The biggest shift in Bay Area journalism in years came not suddenly — with champagne and crying, or, alternatively, with quickly emptied desks and a different kind of crying — but in something like slow motion, whispers building to rumors building to point-blank questions, and, finally, press releases and official paperwork. After months of speculation, first internal and then external, the nonprofit news organization The Bay Citizen — roiled by the resignations of its editor-in-chief, Jonathan Weber, and its CEO, Lisa Frazier, in the fall, and then the death of its founder and primary benefactor, Warren Hellman, in December — officially announced in March that it would be merging with Berkeley's Center for Investigative Reporting, effective May 1.
And just like that, one of the most promising young journalism outlets in the Bay Area became part of one of the most respected news organizations in the country, and the East Bay became home to the biggest investigative journalism nonprofit in the nation. Local papers and national media blogs alike ignited with the news, and for good reason: This was big. In an era when newspapers are shrinking, the new CIR would be working with a comparatively massive $10.5 million operating budget and a staff of seventy people — up from just seven when Robert Rosenthal, the director of CIR, came on in January 2008.
The idea, according to Rosenthal, was to make the new Bay Citizen something of a local analogue to CIR's already existing (and highly lauded) California Watch project — the smallest of three geographically specific concentric circles, with The Bay Citizen focusing on the Bay Area, California Watch continuing to cover statewide issues, and the Center for Investigative Reporting working on stories of national and international import. All three brands would — and now do — fall under the CIR umbrella and leadership structure, and focus on investigative and "solutions-based" journalism rather than breaking news and culture reporting. The Bay Citizen and California Watch/CIR are still working out of their old office spaces on opposite sides of the bay, but when they find a new building, all seventy employees will be working together under one roof.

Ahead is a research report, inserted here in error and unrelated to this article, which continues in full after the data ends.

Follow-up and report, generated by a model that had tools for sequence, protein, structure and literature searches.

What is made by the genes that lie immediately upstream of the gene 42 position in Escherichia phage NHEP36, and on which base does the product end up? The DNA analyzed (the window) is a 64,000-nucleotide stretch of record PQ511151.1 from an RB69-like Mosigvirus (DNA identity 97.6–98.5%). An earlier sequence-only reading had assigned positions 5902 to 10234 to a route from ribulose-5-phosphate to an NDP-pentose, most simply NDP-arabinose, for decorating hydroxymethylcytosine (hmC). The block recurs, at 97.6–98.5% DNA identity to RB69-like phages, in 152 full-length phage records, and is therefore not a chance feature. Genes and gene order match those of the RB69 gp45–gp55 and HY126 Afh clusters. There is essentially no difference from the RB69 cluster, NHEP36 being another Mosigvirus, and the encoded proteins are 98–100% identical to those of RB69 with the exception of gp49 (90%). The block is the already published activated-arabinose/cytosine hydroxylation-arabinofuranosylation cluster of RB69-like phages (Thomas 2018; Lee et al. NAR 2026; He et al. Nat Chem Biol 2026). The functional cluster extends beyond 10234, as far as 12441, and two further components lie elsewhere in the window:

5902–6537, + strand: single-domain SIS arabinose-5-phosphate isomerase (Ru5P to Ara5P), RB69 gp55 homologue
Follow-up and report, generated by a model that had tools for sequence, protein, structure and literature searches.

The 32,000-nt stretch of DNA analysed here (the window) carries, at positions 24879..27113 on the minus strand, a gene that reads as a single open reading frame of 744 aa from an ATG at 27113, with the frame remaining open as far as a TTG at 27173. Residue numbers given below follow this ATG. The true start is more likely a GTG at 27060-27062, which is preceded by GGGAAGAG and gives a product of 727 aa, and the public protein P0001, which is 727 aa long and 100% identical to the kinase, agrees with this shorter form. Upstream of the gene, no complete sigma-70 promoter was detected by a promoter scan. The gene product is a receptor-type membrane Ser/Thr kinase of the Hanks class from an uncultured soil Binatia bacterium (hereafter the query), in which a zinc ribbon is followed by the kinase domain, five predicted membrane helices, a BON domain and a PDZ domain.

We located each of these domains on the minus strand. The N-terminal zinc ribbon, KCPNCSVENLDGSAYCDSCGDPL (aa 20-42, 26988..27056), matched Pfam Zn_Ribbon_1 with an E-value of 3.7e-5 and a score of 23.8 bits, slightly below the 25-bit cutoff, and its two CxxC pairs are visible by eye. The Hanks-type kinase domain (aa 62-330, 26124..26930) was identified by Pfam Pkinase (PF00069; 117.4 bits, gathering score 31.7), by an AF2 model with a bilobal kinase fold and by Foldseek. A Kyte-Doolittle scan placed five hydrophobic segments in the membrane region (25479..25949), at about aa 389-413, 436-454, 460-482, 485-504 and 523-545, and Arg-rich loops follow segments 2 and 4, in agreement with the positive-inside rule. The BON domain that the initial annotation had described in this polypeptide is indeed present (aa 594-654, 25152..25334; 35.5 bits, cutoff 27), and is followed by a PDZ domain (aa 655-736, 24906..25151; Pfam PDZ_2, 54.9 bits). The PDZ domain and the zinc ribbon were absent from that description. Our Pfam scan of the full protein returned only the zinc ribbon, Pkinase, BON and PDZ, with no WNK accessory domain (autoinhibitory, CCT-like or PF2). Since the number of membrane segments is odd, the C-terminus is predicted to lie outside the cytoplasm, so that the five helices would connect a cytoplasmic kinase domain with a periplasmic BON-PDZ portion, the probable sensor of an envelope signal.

It's a big change, to be sure, but it's not necessarily new, nor is it confined to the Bay Area: In fact, this merger is but the biggest and latest example of a tectonic shift that's been underway for years now, as newspapers continue to founder and as nonprofit news organizations increasingly come to fill the holes left by layoffs and cutbacks.
Perhaps the best-known — save for the new CIR, maybe — is ProPublica, which made headlines in 2010 when its 13,000-word investigation into malpractice at a hospital in post-Katrina New Orleans, published in the New York Times Magazine just two years after the news organization's founding, won both a National Magazine Award and a Pulitzer Prize — the first ever for a nonprofit news organization. Since then, it's gobbled up another Pulitzer — that time, the first such prize awarded to stories that never appeared in print — as well as a handful of other major awards, and has come to be heralded as something of a silver bullet for an ailing industry. As Gerry Marzorati, then the editor of the Times Magazine said in his Magazine Award acceptance speech, "a lot of [newspapers] are going to look at places like ProPublica" for support moving forward.
And they have. In the last three years, nonprofit news organizations — and traditional-media's reliance on them — have exploded. According to data from Harvard University's Hauser Center for Nonprofit Organizations, there are now dozens of journalism nonprofits operating in the United States. Some, like the Associated Press, Harper's, and San Francisco's Mother Jones magazine, have been operating for decades (the former two for more than a century, in fact), but just as many have been founded in the last ten years. Many — like, again, Harper's and Mother Jones — operate with the same distribution model as a for-profit publication, but an increasing number are using a system more like that of the Associated Press: That is, they have no means of distribution of their own, but rather create content which is then sold or given away to other publications, like what ProPublica did with its Times Magazine piece. This is the model that CIR, California Watch, and now, the Bay Citizen, tend to use; according to its website, California Watch has partnered with or provided content to seventy local papers up and down the state, including the Express.